Pathologist: Wounds didn’t cause death in Ranchos fight
Nevada Appeal News Service
MINDEN – Wounds inflicted on Jeffrey John during a fight in the Gardnerville Ranchos on June 24 weren’t severe enough to cause the 24-year-old man’s death, a forensic pathologist testified Thursday.
Dr. Alane Olson, who works in the Washoe County coroner’s office, said during a hearing for defendant Michael Ward that she still doesn’t know why John died.
His body was found in the front yard of a residence on Tillman about a block from a duplex where witnesses said John was involved in a fight with Ward, 21.
She said John had wounds on the bridge of his nose and his arms that indicated he had been cut with a knife. She said there were lacerations around his lips and bruising on his face and arms.
Olson testified John had interior bleeding in the back and sides of his head.
“None of the injuries was significant to cause death,” Olson said.
She is waiting for toxicology results, and if they are inconclusive, Olson said she would test organ samples.
She said John’s autopsy revealed an enlarged heart and liver.
“He may have had decreased tolerance for stress, physical or emotional. As far as I know, that had not been diagnosed,” Olson said.
“You’re not sure what killed Jeff John?” asked Ward’s lawyer, Kevin Walsh.
“That is correct,” Olson replied.
Ward was charged with battery with a deadly weapon causing substantial bodily harm, battery causing substantial bodily harm and involuntary manslaughter.
At the conclusion of Thursday’s five-hour hearing, visiting Justice of the Peace Max Bunch found there was enough evidence to bind the case over to District Court. He set a hearing for July 25 before Judge Michael Gibbons.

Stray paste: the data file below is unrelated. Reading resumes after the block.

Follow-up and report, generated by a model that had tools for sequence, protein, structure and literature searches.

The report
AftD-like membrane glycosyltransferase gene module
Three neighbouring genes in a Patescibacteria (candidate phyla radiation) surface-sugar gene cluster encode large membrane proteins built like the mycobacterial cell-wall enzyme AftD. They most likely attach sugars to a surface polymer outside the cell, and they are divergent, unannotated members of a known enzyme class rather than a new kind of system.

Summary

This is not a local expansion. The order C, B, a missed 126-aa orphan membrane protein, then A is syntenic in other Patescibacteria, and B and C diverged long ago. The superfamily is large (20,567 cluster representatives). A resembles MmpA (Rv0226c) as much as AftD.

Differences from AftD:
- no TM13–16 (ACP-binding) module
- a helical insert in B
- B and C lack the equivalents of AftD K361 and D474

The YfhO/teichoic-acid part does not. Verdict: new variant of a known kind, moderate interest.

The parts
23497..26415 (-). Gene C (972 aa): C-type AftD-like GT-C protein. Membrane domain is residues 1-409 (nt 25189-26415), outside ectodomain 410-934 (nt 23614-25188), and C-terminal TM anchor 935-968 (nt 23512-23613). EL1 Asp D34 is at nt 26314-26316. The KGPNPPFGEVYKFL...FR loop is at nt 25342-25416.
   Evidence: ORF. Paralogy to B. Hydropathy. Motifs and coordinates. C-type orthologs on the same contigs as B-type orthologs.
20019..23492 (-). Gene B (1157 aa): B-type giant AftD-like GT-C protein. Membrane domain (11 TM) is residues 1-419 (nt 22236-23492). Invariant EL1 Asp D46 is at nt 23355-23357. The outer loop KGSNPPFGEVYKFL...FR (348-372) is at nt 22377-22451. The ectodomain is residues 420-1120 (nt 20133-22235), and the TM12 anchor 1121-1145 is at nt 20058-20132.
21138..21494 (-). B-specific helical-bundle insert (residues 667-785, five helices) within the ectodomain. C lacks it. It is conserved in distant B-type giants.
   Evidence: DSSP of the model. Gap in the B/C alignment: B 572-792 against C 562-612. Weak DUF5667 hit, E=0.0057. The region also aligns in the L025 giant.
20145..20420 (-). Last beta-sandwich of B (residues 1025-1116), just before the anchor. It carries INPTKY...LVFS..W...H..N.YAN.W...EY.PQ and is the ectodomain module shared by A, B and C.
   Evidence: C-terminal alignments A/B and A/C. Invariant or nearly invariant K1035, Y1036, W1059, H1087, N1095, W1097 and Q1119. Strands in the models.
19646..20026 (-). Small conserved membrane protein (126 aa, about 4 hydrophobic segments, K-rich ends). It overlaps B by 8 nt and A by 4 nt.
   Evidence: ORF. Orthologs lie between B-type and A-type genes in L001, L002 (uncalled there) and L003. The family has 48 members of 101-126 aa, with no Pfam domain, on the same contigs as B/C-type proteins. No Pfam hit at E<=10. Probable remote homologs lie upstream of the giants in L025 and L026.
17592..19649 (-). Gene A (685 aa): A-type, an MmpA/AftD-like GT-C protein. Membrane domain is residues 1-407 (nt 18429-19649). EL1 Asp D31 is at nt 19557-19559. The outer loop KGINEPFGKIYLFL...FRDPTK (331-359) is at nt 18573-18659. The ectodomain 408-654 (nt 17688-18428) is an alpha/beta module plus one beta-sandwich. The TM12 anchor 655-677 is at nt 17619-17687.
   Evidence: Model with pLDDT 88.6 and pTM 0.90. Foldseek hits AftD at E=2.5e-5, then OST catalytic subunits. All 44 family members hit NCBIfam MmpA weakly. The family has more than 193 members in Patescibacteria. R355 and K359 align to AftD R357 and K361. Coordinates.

Investigator Steve Schultz testified the defendant changed his story several times in two interviews but finally admitting killing John.
“He said, ‘I didn’t mean to kill him,'” Schultz said. “He said he didn’t know how much power he had in his fists. He said some people can be hit like that and just die.”
Schultz said Ward called his mother after the interviews.
“His mother instructed him not to hang himself,” Schultz said. “Toward the end of the interview, he said he was aware of the potential consequences. That concerned him greatly. He said apologies weren’t good enough. He said he should have walked away.”
Walsh said his client intended to plead not guilty.
“I am ready to go to District Court on self-defense. The third charge is involuntary manslaughter, and no one even knows what killed the human being in this case. You’re missing a critical element,” Walsh said. “The trial will be a search for the truth.”
Prosecutor Dina Salvucci said Thursday’s testimony supported the charges against Ward.
“He’s not charged with murder,” she said. “There is no indication he intended to kill Jeffrey John. We certainly know the victim was cut with two knives, that Mr. Ward engaged in a fight with two weapons, and Jeff ends up dead.
“Involuntary means a criminally reckless act. Someone ends up dead. That is certainly a definition of involuntary manslaughter. He was not acting in self-defense when Jeffrey John is backing out of the door and running away,” Salvucci said.
— Contact reporter Sheila Gardner at email@example.com or 782-5121, ext. 214.